Women are exquisite in all forms. White, brown, black, big, small, curvy, narrow, hetero, gay, trans, bi, two-spirted, binary, cis-gender, creative, linear, sporty, frilly; all fabulous. But even writing these labels down, seems unfair to me.
Everyone has value. Everyone brings gifts into the world. Women are no exception.
When we run into trouble is when we try to fit into a world that attempts to slot us into boxes of the absolute. We are humans after all; creatures who by nature, try to figure the world out (and frankly figure ourselves out too), with the labels available to us. Sometimes, in our lifetime, more labels are added that make us feel like we fit… somewhere.
As a person who identifies as a hetero, white woman, gently past 50, I’m curious about what lies ahead for me. I am somewhat ashamed to say I am just realizing the extreme privilege I have been afforded because of my identity, despite thinking I struggled. With help, I have been chipping away at my own white fragility.
Last summer, walking on the beach, my body felt the anguish of a tortured life; a fractured soul, when I picked up a feather. At first, it signified to me the joy I felt as a girl, putting it in my hair as an adornment, making me feel beautiful; the feather adding something exotic to my pigtails. It brought warmth to my heart. But the sudden pain I sensed when I bent down to pick up the small white feather was unmistakable. It was as if I could feel the years of abuse, a girl not much different from me, endured when she wore that feather in her hair. I felt ashamed and yet deeply empathetic. It haunted me. I wrote about it at the time.
I thought to myself, “Who is calling me? Who is asking me to follow the pain?”
I tucked this away because I didn’t understand it.
At the start of 2020, I felt like an elastic band, taut and ready to spring but also so tight and stretched, I was starting to fray. Something was stirring just beneath the surface of my skin.
I had just started a new job and wasn’t fully trained before I had to jump in and try to make sense of what was going on and be useful to the members of our organization.
I was shocked, terrified, anxious and took to crying; a lot.
I am a childless adult; one who didn’t have trouble getting pregnant, but who did have trouble with intimate romantic relationships. I made a choice early on that if I were to become a mother, I didn’t want to make the conscious choice to do it on my own, right out of the gate. Not to say women can’t be exceptional single parents, it was just a choice I made from a place of my own sadness from my lived experience.
Because of this choice, I’ve come to think of myself as a person who has wandered aimlessly, pursuing the life-meaning and legacy perhaps parents get from watching their children grow up; the inspiration, the gratification, the joy and the purpose. I have been seeking purpose.
The pandemic has made me realize that I have been living my present, informed by how my past has hurt me, when I could have been living, informed by what I’ve learned from that hurt. I pushed it all down. I had to process it all, to sit in the pain and discomfort in order to live from a more evolved place.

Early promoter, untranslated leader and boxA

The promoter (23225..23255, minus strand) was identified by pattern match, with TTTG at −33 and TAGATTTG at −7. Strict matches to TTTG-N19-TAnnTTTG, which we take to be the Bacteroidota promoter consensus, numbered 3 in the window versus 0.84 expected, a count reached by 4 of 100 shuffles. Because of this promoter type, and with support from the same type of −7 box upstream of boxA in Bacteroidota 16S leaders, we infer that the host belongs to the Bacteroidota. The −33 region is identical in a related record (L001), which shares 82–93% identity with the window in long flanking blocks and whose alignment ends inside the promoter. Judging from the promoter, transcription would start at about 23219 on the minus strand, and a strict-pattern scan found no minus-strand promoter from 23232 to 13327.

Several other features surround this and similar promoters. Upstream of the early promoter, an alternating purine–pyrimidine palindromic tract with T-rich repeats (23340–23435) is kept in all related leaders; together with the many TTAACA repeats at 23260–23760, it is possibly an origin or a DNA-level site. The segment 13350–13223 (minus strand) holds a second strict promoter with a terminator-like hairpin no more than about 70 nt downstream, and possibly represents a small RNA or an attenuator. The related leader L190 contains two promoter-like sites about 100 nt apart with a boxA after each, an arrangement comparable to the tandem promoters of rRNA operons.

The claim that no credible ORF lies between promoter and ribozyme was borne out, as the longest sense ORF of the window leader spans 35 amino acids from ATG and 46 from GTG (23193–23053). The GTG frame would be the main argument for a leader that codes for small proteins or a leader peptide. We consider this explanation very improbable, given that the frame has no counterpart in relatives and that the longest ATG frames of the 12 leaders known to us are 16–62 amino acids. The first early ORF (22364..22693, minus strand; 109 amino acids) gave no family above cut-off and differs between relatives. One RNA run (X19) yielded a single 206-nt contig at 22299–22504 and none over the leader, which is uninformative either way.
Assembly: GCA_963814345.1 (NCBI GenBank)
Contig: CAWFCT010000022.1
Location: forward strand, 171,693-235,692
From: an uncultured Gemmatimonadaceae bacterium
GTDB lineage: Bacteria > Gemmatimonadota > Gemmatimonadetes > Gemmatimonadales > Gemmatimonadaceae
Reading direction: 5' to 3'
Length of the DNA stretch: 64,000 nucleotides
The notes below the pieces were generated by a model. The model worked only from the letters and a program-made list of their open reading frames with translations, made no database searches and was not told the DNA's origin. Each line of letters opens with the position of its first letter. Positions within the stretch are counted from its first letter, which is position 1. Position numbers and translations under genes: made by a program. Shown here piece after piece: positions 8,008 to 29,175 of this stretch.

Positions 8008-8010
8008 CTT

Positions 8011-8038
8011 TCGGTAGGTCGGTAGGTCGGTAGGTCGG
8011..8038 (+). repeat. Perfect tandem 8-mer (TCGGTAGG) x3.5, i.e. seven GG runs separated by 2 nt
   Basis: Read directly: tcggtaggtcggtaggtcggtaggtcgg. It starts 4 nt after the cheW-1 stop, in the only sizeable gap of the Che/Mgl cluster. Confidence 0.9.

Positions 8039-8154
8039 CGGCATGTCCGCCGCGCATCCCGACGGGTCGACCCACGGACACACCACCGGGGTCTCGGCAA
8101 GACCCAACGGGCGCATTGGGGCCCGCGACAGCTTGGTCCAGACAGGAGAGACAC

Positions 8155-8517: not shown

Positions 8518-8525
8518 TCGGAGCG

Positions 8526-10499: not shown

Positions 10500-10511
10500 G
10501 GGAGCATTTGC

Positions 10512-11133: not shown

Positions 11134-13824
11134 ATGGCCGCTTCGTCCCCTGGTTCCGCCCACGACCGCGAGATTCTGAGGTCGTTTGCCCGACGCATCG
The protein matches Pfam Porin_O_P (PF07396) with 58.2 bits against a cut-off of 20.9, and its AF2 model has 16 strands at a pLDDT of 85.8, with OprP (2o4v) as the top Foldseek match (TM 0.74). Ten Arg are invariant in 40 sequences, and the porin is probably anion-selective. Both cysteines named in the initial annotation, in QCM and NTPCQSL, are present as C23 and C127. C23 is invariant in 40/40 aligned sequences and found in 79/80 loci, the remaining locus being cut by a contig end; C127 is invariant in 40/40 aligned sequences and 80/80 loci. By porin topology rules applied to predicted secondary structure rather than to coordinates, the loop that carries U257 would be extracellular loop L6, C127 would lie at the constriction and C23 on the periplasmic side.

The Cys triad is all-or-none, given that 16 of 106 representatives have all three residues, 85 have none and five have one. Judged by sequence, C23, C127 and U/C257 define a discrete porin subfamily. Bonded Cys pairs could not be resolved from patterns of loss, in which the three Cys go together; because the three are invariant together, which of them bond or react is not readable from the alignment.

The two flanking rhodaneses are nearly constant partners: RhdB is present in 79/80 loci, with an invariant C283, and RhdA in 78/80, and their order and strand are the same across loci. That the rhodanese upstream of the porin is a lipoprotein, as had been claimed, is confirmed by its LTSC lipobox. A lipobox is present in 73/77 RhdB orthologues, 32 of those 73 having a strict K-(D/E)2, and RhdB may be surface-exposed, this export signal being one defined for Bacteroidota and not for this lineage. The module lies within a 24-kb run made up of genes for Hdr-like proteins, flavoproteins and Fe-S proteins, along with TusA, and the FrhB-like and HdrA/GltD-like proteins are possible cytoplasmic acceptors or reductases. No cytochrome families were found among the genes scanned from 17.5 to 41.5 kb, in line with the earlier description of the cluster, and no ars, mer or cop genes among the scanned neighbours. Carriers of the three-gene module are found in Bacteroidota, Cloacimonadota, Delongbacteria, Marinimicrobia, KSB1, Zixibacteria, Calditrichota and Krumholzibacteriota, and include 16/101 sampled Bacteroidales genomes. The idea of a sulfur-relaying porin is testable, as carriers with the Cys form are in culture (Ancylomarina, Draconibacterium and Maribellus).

And so the process went. There was (and still is) a lot of wrestling and rambling, crumbling and cracking of armour in the form of old thoughts and belief systems. This had to happen for love to emerge. I haven’t been able to hold space for others with any effectiveness, because I hadn’t held space for myself. I have cried a lot of tears of self-compassion. Those tears come from a place of honesty, integrity and of decency. But also, a place of shame. I held onto a lot of shame; shame because of my bad decisions, shame because of my past, shame because of my perceived failures, and sometimes shame because of my successes.
Brené Brown says, “Shame corrodes the very part of us that believes we are capable of change.”
I began to realize that I could hold space for many feelings at the same time. I can hold space for the shame, sit in it, have compassion for myself, while still being honest about my inactivity, my missing allyship, my inability to speak up for myself and others, and owning my weaknesses, as well as my strengths. These have all contributed to the white supremacist patriarchal system I have been benefiting from and complacent in. I can feel all of that, own it and let the shame dissipate. And I can do better.
And during this pandemic, I had no time to rush, only time for remembering that love is all that matters.
It’s not to say I’m not constantly stumbling and being awkward and getting it completely wrong, but I am able to hold space because I know I can stop and process all that I struggle with, in real time. And my purpose is to leave this world better than I entered it. I can lead with that intention.
Of course, I wish I would have embraced this sooner, but I just wasn’t ready for it. I am compassionate towards myself that I am doing it all in perfect time; in my time.
Now I feel as free as an empty room. While others may consider it stark, cold and without imagination or character, I think there’s something beautiful about what an empty room lacks.
It is without pretense, without judgement; there is no indication that you don’t belong. It is open, inviting and a blank canvas that hauntingly whispers, “Can we start now?”